Opening Remarks – UWI Course in International Crime
January 17, 2011
This course is an example of what Barbados needs to do in order to keep up with the evolving challenges of globalisation. Globalisation is not new to us: the Barbados we know today was born of the global outreach of an expansionist English nation, and its economy grew through international commerce in sugar, slaves and consumption goods. What is new is the nature of Barbados’ economic interface with the rest of the world. Very little now remains of the sugar economy of the last three centuries. What we have today is an economy driven by international commerce in services, principally tourism services, with international business and financial services (IBFS) in second place.
The international business and financial services sector is Barbados’ most recent foreign currency diversification initiative. Our success in this activity is a result of an emphasis on quality – of regulation, of legislation, and of official administration. In order to maintain internationally acceptable quality we must constantly upgrade our performance in all these aspects – improving the adequacy of regulation, the appropriateness of legislation, and the processes and skills which enable government and private firms to provide an efficient professional service.
The anti-money laundering (AML) framework, and the way we execute that framework, are crucial aspects of our quality control. We must constantly upgrade that framework to keep abreast of best international standards; we must take measures to equip official entities with the knowledge and skills to execute their responsibilities in a transparent, even-handed and expeditious fashion. Practitioners must fully understand and implement measures and procedures, which will ensure that their operations satisfy a demanding international standard, all the while offering their clients a service that is competitive in price and quality. This course put on by UWI will help all participants to remain current on the latest developments in international criminal law, so that we can enhance our standing among our competitors in the market for international business and financial services.
The UWI is fortunate to have the benefit, as lecturer for this course, of one who has been writer, teacher and service provider in this field from its inception, in the person of Bruce Zagaris. Bruce’s CV speaks for itself: he has a B.A., J.D., and LL.M. from The George Washington University, Washington, DC, one of the most distinguished universities in the US. Since November 1978, he has practiced law in Washington, D.C., where he is currently a partner with Berliner Corcoran & Rowe. He has served as a consultant, counsel and lobbyist for fourteen governments, including our own, on various subjects, many relating to aspects of international criminal or enforcement law. His work for governments has included negotiating, advising and providing public relations support on international enforcement agreements. Bruce has served as a consultant to the U.S. Agency for International Development, the British High Commission, and UN projects on anti-money laundering and organized crime. Bruce’s work for private banks and corporations has involved counseling on prevention strategies, on complying with anti-money laundering requirements, on the development of due diligence procedures, and on compliance with transnational corruption laws.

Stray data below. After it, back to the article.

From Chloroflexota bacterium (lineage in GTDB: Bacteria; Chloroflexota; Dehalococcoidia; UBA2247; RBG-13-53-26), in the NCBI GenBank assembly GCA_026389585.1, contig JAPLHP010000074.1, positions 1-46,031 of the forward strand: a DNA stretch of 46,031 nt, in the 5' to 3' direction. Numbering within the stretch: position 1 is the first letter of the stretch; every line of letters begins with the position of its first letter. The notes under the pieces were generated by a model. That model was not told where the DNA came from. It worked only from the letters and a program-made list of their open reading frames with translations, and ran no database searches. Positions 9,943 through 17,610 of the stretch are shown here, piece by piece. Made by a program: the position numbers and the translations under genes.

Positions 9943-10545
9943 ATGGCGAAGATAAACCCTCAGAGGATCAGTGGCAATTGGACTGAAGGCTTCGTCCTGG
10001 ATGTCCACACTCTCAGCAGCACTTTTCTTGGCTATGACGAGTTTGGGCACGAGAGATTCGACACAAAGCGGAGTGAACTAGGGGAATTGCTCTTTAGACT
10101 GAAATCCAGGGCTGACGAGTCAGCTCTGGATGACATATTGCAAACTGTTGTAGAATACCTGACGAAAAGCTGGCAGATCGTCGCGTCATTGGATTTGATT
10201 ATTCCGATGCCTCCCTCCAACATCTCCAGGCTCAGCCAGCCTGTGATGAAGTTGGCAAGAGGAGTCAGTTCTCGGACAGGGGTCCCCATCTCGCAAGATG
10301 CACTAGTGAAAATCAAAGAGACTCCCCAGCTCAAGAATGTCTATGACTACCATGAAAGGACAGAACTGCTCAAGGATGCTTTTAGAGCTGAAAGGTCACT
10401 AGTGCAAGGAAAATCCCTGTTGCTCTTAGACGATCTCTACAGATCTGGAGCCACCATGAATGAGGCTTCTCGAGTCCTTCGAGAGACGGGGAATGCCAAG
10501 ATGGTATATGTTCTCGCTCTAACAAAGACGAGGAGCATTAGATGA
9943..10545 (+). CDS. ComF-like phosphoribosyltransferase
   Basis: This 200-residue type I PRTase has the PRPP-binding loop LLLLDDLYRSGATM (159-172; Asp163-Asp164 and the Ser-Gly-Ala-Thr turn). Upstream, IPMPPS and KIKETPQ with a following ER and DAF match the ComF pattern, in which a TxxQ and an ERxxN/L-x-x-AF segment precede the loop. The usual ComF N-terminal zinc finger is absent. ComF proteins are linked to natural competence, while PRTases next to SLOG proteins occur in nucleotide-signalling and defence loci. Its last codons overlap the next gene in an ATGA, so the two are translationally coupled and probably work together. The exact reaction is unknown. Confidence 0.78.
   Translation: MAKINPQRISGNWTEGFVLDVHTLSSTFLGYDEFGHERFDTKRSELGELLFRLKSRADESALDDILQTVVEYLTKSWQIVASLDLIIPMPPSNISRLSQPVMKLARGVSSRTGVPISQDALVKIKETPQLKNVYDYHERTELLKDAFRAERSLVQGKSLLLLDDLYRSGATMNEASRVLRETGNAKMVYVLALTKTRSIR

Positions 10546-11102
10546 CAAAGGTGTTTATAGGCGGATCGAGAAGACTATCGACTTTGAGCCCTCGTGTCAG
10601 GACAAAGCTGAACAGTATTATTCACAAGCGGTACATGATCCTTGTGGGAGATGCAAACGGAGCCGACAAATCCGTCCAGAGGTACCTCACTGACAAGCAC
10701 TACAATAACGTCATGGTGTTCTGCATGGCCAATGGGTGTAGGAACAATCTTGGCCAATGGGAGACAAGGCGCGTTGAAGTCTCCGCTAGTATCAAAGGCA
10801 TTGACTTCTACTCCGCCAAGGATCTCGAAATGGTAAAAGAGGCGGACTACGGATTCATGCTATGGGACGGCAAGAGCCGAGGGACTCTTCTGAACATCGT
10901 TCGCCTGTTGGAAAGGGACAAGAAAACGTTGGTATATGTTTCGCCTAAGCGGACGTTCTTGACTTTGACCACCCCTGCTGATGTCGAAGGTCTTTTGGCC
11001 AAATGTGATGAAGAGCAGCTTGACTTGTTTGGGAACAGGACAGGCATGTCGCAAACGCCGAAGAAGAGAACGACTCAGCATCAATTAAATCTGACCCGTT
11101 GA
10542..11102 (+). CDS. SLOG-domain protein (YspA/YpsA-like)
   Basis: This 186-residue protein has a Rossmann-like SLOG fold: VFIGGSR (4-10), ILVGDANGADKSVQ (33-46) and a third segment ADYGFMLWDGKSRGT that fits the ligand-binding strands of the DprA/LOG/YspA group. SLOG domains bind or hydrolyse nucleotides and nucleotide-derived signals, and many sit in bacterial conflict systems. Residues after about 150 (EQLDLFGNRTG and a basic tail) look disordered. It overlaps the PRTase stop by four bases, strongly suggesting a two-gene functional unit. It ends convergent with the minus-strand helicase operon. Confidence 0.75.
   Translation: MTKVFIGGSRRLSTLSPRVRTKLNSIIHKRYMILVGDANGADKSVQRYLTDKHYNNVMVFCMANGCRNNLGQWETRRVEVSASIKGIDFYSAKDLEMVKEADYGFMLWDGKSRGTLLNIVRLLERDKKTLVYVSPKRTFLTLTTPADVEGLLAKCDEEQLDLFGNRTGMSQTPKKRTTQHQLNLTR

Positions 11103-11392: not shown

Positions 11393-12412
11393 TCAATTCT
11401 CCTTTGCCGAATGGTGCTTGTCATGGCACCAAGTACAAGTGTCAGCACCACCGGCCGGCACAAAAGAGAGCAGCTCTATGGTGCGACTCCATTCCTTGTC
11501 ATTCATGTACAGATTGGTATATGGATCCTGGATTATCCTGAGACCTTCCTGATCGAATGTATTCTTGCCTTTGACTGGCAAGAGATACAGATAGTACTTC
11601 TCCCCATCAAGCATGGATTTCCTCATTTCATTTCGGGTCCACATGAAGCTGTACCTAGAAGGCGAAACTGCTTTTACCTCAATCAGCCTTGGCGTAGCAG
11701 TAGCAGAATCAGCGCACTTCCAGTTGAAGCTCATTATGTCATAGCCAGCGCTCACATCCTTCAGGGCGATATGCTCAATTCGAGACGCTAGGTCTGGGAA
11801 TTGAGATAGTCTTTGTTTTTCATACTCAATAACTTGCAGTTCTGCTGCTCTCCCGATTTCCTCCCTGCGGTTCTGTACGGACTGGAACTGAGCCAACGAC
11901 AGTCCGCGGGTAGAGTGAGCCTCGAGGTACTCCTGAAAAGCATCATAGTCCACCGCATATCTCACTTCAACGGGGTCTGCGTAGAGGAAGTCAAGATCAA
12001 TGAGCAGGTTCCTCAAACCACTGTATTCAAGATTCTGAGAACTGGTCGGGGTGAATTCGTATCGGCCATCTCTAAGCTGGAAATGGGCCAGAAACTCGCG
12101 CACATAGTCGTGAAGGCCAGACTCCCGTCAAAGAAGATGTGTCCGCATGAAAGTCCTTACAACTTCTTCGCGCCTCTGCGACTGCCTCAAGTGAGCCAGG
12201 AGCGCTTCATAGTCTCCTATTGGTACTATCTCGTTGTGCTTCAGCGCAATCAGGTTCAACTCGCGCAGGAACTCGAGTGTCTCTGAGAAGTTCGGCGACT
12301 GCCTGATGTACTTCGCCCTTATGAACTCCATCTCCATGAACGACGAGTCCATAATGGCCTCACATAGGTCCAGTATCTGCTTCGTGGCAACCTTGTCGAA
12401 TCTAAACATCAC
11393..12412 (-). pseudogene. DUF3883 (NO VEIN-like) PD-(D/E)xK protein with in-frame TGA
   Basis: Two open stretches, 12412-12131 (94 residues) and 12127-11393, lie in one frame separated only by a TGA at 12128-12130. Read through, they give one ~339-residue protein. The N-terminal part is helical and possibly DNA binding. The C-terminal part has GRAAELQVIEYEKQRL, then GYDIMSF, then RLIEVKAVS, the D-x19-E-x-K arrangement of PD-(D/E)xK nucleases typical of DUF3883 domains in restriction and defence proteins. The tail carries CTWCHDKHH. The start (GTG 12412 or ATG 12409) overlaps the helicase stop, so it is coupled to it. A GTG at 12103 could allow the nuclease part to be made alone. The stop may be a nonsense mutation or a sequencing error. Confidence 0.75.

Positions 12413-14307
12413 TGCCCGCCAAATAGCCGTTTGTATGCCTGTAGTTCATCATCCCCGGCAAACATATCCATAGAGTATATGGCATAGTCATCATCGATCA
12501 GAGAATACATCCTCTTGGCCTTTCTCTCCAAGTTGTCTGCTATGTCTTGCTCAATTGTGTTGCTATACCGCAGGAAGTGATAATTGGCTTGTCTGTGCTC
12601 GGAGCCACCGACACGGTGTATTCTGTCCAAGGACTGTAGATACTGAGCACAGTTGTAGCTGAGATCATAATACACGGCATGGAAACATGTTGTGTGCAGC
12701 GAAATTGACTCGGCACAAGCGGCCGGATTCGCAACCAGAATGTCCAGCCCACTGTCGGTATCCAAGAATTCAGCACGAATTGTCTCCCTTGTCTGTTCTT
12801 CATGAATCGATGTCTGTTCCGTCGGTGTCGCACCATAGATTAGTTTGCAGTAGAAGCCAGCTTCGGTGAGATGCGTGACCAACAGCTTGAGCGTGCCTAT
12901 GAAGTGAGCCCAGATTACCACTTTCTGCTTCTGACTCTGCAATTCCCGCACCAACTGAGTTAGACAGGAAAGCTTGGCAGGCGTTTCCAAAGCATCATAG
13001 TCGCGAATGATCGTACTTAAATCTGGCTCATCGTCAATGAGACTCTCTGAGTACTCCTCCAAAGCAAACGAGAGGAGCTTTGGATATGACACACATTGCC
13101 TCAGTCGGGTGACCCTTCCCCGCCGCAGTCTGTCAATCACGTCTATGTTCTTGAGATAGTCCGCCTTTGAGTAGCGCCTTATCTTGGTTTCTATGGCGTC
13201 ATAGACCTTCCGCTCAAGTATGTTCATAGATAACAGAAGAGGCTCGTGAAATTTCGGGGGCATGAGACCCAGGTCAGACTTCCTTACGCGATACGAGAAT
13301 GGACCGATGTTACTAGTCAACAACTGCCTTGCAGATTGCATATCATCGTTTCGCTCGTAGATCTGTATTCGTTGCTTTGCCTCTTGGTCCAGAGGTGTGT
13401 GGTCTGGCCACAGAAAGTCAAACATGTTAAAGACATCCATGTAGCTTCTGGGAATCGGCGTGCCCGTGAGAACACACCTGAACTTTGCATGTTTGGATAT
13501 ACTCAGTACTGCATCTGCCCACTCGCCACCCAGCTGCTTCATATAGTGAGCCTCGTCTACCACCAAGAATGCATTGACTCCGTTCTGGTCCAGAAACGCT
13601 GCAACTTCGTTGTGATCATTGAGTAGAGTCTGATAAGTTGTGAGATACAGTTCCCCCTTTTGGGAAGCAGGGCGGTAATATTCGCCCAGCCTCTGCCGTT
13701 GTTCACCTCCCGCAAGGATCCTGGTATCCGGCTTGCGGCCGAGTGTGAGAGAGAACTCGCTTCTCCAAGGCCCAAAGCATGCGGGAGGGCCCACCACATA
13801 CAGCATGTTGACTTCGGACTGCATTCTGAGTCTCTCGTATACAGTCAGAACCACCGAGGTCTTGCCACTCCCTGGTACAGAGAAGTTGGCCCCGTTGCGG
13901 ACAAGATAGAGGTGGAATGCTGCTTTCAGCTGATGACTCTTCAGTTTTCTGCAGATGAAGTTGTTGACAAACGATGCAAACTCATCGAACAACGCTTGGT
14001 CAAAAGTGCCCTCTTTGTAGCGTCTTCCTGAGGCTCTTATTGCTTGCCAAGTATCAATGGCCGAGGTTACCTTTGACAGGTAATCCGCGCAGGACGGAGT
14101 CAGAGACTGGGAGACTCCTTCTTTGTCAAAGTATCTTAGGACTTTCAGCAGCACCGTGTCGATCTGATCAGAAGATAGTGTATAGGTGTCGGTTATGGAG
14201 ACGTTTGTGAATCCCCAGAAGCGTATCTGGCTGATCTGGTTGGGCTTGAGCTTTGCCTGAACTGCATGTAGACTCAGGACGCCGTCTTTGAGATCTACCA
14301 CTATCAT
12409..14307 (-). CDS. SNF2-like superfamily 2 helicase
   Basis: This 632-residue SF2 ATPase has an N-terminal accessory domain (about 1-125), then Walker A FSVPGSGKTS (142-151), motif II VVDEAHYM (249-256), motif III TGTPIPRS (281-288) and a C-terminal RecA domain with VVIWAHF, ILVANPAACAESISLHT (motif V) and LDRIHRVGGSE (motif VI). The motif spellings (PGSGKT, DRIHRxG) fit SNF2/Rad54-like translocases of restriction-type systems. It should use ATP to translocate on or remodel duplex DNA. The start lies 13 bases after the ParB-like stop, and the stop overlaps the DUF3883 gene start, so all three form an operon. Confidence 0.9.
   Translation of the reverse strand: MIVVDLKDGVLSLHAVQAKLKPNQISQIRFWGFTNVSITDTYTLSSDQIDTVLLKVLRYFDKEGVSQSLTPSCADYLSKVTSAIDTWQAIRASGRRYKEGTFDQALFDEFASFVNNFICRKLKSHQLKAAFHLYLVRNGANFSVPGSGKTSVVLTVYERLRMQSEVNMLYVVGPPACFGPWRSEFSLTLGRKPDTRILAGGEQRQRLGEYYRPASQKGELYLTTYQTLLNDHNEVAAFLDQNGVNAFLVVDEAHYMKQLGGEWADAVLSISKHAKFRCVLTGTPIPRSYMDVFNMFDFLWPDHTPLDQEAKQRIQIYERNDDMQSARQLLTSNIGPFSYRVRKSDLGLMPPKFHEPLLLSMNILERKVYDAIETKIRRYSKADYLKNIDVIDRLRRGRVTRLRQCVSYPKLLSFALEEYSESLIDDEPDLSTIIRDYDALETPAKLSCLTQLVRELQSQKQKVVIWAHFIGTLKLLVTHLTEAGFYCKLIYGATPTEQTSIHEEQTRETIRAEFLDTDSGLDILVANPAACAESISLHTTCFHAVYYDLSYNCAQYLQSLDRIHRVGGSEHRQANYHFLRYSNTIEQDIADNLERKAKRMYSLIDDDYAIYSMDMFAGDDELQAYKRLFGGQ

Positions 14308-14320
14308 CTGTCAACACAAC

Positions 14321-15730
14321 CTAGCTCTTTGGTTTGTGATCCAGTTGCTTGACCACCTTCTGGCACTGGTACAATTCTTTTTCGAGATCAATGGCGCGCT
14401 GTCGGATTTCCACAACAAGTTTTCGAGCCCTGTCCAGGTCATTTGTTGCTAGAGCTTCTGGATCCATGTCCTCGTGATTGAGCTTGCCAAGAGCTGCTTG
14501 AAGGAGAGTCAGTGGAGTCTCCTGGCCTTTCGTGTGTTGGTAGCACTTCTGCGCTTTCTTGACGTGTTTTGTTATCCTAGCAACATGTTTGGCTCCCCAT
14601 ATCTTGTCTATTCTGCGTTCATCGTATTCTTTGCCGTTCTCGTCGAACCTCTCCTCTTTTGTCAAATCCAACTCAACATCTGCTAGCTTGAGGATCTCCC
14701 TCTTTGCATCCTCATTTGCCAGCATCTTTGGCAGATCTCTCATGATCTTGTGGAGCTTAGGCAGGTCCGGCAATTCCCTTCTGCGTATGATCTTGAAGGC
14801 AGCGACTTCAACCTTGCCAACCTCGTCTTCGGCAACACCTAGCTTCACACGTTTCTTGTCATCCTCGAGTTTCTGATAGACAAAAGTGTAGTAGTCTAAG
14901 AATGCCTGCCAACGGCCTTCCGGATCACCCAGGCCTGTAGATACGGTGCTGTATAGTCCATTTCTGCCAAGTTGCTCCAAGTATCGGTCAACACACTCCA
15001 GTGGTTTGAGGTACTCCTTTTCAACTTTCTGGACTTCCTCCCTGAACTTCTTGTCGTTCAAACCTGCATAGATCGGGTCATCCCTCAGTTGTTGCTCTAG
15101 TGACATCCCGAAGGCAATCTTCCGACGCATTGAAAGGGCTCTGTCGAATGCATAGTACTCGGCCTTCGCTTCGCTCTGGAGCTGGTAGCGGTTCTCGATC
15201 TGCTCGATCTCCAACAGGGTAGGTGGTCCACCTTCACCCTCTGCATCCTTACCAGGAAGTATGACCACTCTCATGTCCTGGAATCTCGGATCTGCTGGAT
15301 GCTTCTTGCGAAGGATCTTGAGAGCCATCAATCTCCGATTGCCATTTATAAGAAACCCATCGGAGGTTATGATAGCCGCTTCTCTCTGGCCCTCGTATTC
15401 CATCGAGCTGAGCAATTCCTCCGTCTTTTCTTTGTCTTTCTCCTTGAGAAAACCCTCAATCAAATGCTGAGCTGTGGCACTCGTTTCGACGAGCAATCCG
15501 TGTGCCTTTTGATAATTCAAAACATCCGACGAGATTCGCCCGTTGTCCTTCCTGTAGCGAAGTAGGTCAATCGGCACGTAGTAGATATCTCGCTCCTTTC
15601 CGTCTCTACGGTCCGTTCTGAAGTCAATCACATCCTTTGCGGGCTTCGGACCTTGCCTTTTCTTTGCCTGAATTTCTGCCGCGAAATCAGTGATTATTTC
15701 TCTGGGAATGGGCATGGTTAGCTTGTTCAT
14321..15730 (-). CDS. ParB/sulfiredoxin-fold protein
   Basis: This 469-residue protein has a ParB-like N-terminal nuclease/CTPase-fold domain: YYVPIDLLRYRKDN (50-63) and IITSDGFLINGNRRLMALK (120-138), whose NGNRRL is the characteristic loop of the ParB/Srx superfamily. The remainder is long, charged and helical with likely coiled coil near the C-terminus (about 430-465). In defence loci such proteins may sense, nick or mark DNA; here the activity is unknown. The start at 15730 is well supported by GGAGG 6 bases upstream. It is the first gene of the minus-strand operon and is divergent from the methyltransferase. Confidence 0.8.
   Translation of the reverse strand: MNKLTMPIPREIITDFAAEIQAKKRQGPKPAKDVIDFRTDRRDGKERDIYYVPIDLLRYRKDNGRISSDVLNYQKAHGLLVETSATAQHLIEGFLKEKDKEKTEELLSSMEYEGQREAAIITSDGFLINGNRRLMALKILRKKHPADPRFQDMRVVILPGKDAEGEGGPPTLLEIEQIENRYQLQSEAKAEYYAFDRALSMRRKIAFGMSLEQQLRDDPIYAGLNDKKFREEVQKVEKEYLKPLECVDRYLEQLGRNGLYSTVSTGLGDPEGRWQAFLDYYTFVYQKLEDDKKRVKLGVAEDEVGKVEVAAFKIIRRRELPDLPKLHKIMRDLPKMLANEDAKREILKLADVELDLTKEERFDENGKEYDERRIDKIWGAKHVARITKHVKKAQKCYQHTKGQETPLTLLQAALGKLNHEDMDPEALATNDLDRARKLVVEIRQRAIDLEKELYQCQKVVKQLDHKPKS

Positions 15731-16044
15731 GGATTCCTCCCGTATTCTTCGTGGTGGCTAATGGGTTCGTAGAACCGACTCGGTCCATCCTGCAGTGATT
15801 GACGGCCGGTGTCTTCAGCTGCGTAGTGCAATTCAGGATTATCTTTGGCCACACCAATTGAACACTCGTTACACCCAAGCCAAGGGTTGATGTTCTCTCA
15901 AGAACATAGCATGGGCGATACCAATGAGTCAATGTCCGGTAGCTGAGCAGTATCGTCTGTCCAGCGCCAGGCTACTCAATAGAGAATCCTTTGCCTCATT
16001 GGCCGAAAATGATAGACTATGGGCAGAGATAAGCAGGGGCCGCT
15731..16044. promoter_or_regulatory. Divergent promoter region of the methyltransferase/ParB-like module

Bruce has served as an expert witness and/or consultant on several occasions. The list of particulars is a long one. He has handled transfer of prisoner applications and advised accused and convicted persons of the operation of applicable treaties and the pros and cons of applying under them. He has been active in civil prosecution on behalf of victims of transnational crimes and torts.
Bruce has testified before Congress in the US on the Caribbean Basin Economic Recovery Act, on the U.S. Government’s efforts to combat international tax evasion, on Mutual Legal Assistance Treaties, and on a National Gambling Impact Study. Bruce’s work with the Executive Branch of the US Government includes advising on strategy for dealing with international organized crime, as well as writing, advising and lecturing on money laundering, international tax enforcement, and financial investigations. He has lectured to U.S. diplomats and staff, as well as to foreign governments and officials.
Since 1985, Bruce has edited the International Enforcement Law Reporter, a monthly publication which discusses developments in international criminal and related enforcement law matters. It can be viewed at http://www.ielr.com. He has written extensively on issues of international criminal law, in a wide variety of publications. Bruce has appeared on many of the leading international media networks, and has been interviewed and quoted in the international press.
To cap it all, Bruce Zagaris has been an advisor on international criminal law to a succession of Barbadian Government administrations, and has been, and continues to be, of invaluable assistance to us in that capacity. Beyond this, he is a friend of Barbados, one of a distinguished list of international luminaries whose informal support and advice has done much to assist this small nation in making its way in a changing world.
With Bruce Zagaris as lecturer, this week’s course takes us to the frontier of practice in international criminal law, which is where we need to be, in order to be most competitive. Our heartfelt thanks to Bruce; we really do appreciate his willingness to put his expertise at our disposal, and the committed support he has given us, over the years. We look forward to a rewarding week with him.